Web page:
Targeted by repeated traffic stops and seizures over the last year by federal and state law enforcement officers in California and other states, an ancillary cannabis company says cops are committing “highway robbery” by seizing millions in cash from armored vehicles transporting funds between dispensaries and financial institutions. The logistics company, Empyreal, has filed a federal lawsuit seeking to recoup losses and end the practice. Our Los Angeles marijuana business lawyers understand an initial request for a restraining order has been denied.
This lawsuit is being closely watched by cannabis company legal advocates as it could have a direct impact on their bottom line and ability to engage in financial transactions.
The plaintiff, with more than 25 years in banking, launched her logistics/armored vehicle business four years ago in Colorado. Since then, it’s expanded to operation in 28 states. Her goal, she told Colorado News Online, was to address some of the challenges that cannabis companies face with financial transactions. Although many states now allow medicinal and even recreational marijuana, THC products are still considered illegal under federal law. That makes federally-backed banks – bound to comply with the U.S. Anti-Money Laundering Act and Bank Secrecy Act – wary of doing business with cannabis companies. For the 700-or-so banks that will accept money from marijuana dispensaries, there is a large compliance list that involves things like background checks, verification of money origins and destinations, and other stringent guidelines. Plaintiff said she only works with banks that are meticulous about meeting all the strict requirements.
Meanwhile, particularly in states where possession of marijuana for any reason is still criminal. Kansas is one of those. State law enforcement officials there report that in the last three years, its officers have seized more than $8 million from all motorists (not just those ferrying marijuana-related funds through the state). That accounts for half of all civil forfeitures, which is a process by which law enforcement agencies can seize money, vehicles, real estate, weapons, and other personal property they suspect may have been involved in criminal activity. It is not necessary for the cops to arrest anyone or secure a conviction in order to seize the money/property. In Kansas, half of all forfeitures were done with no criminal case being filed. All they had to do was demonstrate a connection between the property and a crime – and show a lawful reason for making the stop. (As any attorney will tell you, follow behind any driver long enough and you’ll find some minor traffic infraction that can be used as cause to pull them over.)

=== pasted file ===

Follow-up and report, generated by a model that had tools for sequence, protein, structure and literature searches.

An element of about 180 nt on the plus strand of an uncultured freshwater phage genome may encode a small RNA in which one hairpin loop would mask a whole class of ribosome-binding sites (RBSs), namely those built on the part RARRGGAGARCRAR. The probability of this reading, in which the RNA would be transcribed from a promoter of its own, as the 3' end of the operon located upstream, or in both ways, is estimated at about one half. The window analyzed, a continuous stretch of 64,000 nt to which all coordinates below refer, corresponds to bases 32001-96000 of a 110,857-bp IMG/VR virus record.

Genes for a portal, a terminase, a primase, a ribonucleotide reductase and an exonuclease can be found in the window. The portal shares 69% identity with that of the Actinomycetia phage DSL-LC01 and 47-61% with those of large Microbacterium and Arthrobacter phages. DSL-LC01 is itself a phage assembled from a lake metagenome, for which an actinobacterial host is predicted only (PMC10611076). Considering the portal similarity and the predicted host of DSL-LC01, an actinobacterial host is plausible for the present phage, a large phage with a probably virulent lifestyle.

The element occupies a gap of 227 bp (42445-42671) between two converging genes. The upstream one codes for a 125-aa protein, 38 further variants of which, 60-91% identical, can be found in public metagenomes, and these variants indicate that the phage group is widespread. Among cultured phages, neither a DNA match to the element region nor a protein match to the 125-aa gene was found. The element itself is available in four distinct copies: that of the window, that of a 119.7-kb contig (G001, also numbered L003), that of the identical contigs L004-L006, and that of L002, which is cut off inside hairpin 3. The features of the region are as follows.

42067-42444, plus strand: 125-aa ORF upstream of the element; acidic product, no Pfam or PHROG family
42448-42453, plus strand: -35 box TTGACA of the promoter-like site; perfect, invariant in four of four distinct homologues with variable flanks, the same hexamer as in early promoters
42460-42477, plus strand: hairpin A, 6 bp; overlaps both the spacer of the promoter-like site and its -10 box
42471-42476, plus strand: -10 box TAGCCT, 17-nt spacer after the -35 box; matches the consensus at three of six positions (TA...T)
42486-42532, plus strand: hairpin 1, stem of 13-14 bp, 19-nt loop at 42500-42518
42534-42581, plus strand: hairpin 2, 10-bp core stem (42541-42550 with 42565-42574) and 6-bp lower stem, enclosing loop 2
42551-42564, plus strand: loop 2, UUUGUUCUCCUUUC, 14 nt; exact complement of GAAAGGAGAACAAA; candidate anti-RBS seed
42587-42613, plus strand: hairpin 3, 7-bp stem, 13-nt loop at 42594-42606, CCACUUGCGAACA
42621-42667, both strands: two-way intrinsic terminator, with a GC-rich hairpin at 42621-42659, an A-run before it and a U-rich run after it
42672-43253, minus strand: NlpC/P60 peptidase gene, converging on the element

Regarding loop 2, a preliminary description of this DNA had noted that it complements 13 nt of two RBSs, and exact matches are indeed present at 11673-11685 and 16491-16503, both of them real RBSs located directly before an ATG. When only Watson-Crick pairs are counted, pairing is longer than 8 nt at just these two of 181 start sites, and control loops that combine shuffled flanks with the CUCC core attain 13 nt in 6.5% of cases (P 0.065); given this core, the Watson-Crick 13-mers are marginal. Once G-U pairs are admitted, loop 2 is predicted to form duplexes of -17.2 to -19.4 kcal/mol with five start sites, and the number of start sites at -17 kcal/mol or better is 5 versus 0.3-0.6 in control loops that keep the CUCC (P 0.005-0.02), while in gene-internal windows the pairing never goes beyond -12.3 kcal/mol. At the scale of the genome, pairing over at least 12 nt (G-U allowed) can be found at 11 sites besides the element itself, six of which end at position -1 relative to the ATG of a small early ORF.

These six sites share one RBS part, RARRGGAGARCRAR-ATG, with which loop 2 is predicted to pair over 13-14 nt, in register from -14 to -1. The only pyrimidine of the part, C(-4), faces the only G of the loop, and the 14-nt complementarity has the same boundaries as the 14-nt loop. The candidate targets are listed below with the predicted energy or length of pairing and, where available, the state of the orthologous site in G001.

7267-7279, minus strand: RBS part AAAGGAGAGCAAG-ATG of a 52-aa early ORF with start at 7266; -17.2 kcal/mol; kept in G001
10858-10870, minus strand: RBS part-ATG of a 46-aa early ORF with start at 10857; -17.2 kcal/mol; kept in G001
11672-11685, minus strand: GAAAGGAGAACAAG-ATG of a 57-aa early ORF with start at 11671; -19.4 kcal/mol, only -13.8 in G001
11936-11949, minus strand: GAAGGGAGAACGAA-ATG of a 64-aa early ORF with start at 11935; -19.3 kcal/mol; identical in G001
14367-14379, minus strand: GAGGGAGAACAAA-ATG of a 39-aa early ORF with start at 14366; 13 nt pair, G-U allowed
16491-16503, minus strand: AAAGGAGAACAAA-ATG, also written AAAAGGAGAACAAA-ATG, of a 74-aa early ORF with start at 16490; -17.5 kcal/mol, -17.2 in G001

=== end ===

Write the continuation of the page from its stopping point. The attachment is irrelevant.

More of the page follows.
The lawsuit alleges that the company’s vehicles have been stopped by law enforcement in Kansas and California a total of five times since last May – twice resulting in cash seizures of more than $1 million, money that was later turned over to the FBI. Continue reading